Understanding Wrongful Death
You just found out your son died in a car accident caused by a drunk driver. Your father was murdered. Your mother underwent surgery and the doctor cut into an organ, causing her to die.
These are all devastating situations, and they are also examples of wrongful death. Wrongful death occurs when a person’s negligence or intentional acts cause someone to die. When this happens, the person’s heirs can file a wrongful death action against the liable party.
Types of Wrongful Death
There are many situations in which wrongful death can occur. A common example is a car accident. If someone was driving drunk or recklessly and their actions lead to a fatal car crash, then they could be sued for wrongful death. The same applies to other vehicle accidents, such as motorcycles, semi trucks and airplanes.
Other examples include falls, medical malpractice, nursing home abuse or neglect, dog bites and defective products. Even an intentional act, such as murder, can be classified as wrongful death.
Liability in Wrongful Death Case
Anyone can be sued for causing wrongful death. Individuals, businesses and government agencies can all be held liable for someone’s death. Wrongful death cases can be complex, so while most cases have just one defendant, some can have multiple parties involved. Your lawyer will be able to investigate your case and determine the liable parties.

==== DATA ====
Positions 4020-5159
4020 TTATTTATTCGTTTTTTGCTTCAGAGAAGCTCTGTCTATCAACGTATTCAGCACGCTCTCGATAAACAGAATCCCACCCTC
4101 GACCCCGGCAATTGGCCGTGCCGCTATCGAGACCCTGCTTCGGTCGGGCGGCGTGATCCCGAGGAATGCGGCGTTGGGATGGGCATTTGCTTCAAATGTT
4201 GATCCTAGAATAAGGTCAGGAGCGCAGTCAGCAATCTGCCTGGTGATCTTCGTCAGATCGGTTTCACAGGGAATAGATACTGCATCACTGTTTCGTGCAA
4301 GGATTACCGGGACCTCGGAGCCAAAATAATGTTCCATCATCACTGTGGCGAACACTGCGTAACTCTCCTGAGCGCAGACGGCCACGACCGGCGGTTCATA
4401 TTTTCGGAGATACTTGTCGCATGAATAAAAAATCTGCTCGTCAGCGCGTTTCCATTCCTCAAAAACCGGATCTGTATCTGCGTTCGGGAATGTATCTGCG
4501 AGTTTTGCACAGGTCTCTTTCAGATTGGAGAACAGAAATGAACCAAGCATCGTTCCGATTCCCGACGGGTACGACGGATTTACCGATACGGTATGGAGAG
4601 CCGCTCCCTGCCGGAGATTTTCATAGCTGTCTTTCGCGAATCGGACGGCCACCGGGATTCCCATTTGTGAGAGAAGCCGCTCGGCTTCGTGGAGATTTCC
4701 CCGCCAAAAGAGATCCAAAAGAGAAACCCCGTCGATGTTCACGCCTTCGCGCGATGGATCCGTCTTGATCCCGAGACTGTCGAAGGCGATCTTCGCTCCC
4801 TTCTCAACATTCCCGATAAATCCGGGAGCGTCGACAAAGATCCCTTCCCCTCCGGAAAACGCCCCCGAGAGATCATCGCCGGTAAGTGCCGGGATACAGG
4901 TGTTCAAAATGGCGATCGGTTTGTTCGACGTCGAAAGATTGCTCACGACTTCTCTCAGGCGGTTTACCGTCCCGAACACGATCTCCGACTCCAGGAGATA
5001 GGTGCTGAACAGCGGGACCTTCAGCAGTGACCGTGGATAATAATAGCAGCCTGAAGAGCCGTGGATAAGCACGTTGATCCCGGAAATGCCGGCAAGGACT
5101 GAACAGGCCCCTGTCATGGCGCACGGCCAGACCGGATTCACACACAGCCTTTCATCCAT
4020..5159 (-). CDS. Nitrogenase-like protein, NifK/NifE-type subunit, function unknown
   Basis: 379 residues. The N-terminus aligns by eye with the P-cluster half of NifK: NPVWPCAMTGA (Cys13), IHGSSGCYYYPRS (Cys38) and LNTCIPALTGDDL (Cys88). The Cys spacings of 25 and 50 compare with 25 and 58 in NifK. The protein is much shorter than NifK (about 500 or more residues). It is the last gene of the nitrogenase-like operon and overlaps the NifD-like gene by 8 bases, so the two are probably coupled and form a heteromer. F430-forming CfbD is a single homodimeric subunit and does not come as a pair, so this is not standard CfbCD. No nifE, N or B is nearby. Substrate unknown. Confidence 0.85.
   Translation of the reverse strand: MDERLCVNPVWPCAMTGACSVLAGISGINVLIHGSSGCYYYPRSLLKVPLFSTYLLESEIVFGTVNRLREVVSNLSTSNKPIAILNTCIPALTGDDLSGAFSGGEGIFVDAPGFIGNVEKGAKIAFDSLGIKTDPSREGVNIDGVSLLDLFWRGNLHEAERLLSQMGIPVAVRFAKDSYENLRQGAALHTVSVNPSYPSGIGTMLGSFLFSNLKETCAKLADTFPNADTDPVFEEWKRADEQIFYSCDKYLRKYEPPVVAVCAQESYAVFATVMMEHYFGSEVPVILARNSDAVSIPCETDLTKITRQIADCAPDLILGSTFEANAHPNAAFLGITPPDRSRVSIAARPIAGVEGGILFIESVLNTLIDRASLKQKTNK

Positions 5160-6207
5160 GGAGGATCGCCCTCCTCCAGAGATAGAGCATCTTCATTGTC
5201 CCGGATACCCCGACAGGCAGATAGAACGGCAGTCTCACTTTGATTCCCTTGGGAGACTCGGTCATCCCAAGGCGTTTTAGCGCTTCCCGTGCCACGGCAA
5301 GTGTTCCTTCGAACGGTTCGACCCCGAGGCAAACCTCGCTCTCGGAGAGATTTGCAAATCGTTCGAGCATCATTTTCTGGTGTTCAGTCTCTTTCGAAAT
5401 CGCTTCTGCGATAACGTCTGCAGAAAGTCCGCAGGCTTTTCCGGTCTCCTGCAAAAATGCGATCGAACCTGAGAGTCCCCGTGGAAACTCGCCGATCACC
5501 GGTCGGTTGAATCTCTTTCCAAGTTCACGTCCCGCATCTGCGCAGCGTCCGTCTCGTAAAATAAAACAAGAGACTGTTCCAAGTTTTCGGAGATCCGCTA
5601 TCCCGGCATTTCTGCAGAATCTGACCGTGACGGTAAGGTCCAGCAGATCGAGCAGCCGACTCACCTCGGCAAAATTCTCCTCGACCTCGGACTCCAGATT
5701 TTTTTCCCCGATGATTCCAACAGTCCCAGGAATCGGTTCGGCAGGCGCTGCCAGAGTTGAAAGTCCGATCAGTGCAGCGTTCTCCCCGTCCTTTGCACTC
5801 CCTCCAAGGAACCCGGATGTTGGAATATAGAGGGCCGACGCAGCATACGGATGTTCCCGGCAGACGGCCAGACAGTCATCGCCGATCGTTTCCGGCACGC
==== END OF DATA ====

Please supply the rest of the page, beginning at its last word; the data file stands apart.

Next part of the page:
A wrongful death claim must have four elements:
- A person’s death
- Due to someone else’s negligence or intentional behavior
- Family members who have suffered financial damages due to the person’s death
- A personal representative who has been appointed for the deceased person’s estate
Damages in a Wrongful Death Case
A family member can seek damages for their loved one’s unexpected death. They can seek compensation for medical bills, lost wages and funeral and burial expenses. These awards are often determined by a jury, who will determine how much the surviving family members will receive based on circumstances such as the person’s age, income, loss of future earnings, their family situation (were they supporting young children?) and the services they provided for their household (such as childcare, cooking and cleaning, for a stay-at-home mom). Economists and financial planners may be used to provide expert testimony and estimate the loss of future earnings.
In some cases, punitive damages may apply in cases of egregious behavior. These awards are given to the plaintiff but they are used to punish the defendant. Many states have limitations that apply. For example, in Florida, punitive damages are limited to $500,000 or three times the amount of the compensatory damages, whichever is greater. This means that if compensatory damages were $1 million, a person could receive up to $3 million in punitive damages.
Get Legal Help for Your Florida Wrongful Death Case
It can be devastating to have a loved one die due to someone else’s negligence or malicious behavior. Make sure you get the compensation you deserve to pay for your loved one’s final expenses.
The Tampa wrongful death lawyers at Pawlowski//Mastrilli Law Groupcan hold the responsible parties liable for their behavior. Get started with a free consultation. Fill out the online form or call (813) 803-6518.